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  • May 17, 2013 6:28 AM
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  • 5 Comments
The Past, Asghar Farhadi, Bérénice Bejo
When "The Past" opens, we see a couple communicating through a thick pane of glass at an airport. They can't hear each other, but through gestures and mouthed words, they can get the gist of what the other is saying, but between them is an immovable object that prevents a full understanding of what they mean to say. And it's an apt visual metaphor with which "A Separation" director Asghar Farhadi's opens his latest film, a picture that finds four lives thrown into turmoil over hidden feelings, confused emotions and a dark secret that could change everything

Watch: First Footage From James Toback & Alec Baldwin's Cannes Documentary 'Seduced & Abandoned'

  • By Cain Rodriguez
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  • May 16, 2013 2:45 PM
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  • 1 Comment
While this weekend sees the release of yet another Hollywood blockbuster, the global film industry at large has descended upon the South of France for the Cannes Film Festival. While most of us will never get to experience the festival ourselves, “Seduced and Abandoned,” a new documentary premiering this weekend at the Croisette, will explore the festival from the point of view of filmmakers and we our first look at the trailer.

Cannes Review: Being 'Young & Beautiful' Isn't Easy In Francois Ozon's Latest

  • By Kevin Jagernauth
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  • May 16, 2013 11:55 AM
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  • 1 Comment
"No one's serious at seventeen," goes a line from Rimbaud's poem of the same name, and it's just one of a handful of confused messages in Francois Ozon's "Jeune Et Jolie (Young And Beautiful)," a flesh-filled exploration of teenage sexuality. Ozon, no stranger to provocative imagery, takes off the rose-colored glasses for his look at youthful dalliances and coming-of-age. Indeed, there is nary a sexual experience or conversation within the film that isn't marked by some kind of confusion, pain or absence of feeling, with "Jeune Et Joli" either the profile of a single wayward youth or a declaration that sex has devolved into a crude transaction.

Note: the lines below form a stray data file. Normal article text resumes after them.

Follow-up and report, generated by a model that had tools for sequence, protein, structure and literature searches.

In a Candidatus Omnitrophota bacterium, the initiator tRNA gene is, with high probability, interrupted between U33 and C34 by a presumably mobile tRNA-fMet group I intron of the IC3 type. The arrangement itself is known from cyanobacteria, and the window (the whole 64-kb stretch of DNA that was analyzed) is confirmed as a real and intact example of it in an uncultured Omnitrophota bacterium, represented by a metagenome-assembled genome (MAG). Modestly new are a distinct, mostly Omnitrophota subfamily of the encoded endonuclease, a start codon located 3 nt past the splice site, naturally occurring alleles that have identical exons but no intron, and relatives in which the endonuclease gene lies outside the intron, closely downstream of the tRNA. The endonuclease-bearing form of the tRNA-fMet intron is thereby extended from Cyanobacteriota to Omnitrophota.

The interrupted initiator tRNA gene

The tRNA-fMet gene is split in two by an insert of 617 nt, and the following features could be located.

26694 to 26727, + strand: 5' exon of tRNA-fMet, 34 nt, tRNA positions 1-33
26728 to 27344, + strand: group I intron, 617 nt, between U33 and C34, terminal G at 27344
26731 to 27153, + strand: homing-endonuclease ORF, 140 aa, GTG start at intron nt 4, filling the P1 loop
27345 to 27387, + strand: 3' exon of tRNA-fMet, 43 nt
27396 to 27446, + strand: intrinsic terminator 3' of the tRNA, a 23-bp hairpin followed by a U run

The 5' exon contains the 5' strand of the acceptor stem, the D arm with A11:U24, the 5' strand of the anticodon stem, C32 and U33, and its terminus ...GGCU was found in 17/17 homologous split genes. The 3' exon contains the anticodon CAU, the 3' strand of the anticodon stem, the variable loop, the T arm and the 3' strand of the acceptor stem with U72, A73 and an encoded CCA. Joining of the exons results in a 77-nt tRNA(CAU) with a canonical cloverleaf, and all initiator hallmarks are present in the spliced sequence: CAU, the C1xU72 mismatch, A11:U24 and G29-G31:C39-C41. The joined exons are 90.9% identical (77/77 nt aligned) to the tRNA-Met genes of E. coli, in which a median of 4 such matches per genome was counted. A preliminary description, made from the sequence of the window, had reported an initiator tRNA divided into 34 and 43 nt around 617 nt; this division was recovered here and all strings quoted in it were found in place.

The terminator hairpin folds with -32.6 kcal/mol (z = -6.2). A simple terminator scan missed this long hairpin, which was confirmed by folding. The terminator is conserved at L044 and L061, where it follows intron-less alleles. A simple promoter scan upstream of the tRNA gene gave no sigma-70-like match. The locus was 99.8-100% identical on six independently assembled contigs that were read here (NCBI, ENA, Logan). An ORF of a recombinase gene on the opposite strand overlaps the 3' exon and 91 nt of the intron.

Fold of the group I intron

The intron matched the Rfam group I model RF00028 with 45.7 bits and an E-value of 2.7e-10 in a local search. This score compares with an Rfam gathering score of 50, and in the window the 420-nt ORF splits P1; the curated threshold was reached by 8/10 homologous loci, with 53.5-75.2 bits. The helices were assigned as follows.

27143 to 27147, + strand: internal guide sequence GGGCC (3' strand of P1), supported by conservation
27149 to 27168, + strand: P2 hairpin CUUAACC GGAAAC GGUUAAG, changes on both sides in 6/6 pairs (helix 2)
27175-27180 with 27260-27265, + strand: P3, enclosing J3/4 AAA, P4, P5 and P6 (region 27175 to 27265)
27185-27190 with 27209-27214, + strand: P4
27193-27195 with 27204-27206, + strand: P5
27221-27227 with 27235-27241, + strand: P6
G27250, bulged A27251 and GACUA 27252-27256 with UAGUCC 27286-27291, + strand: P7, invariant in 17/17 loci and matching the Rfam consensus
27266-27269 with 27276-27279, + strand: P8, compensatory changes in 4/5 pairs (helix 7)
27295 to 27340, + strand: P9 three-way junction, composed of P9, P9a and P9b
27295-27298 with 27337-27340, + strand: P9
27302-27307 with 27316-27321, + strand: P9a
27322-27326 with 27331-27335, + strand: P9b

Cannes Review: Sofia Coppola's 'The Bling Ring' A Mostly Empty Exercise In Excess

  • By Kevin Jagernauth
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  • May 16, 2013 8:59 AM
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  • 16 Comments
The Bling Ring
American cinema seems preoccupied with the emptiness of excess, at least in the first half of 2013. Baz Luhrmann luxuriates in the meaningless wealth of "The Great Gatsby," while Harmony Korine put his own twisted spin on the dark soul of the American dream in "Spring Breakers." And now comes Sofia Coppola's "The Bling Ring," another look at the at-any-cost pursuit of celebrity and the worship of brand names, but it doesn't bring anything new to a conversation that seems to have run out of things to say.

Cannes Review: Ari Folman's Part-Animated 'The Congress' Is Overstuffed And Overwritten, But Sort Of Fascinating

  • By Jessica Kiang
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  • May 16, 2013 7:21 AM
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  • 2 Comments
Ari Folman's "The Congress" aka "Robin Wright at The Congress" aka "Reviewer's Nightmare" (last title mine) opens the director's fortnight at Cannes this evening and screened for a group of alternately beguiled and baffled press this morning. Evoking Miyazaki and perhaps on-form Gilliam in its best moments, and lurching oddly into "Southland Tales" territory in its worst, it is a film we'd be happy to call a fascinating muddle, were it not a little overstretched to really support even that summation. At the very least, however, should your copy of "Pink Floyd's The Wall" have worn out through overuse, we can see "The Congress" having a similar kind of life as a late-night stoner mindfuck.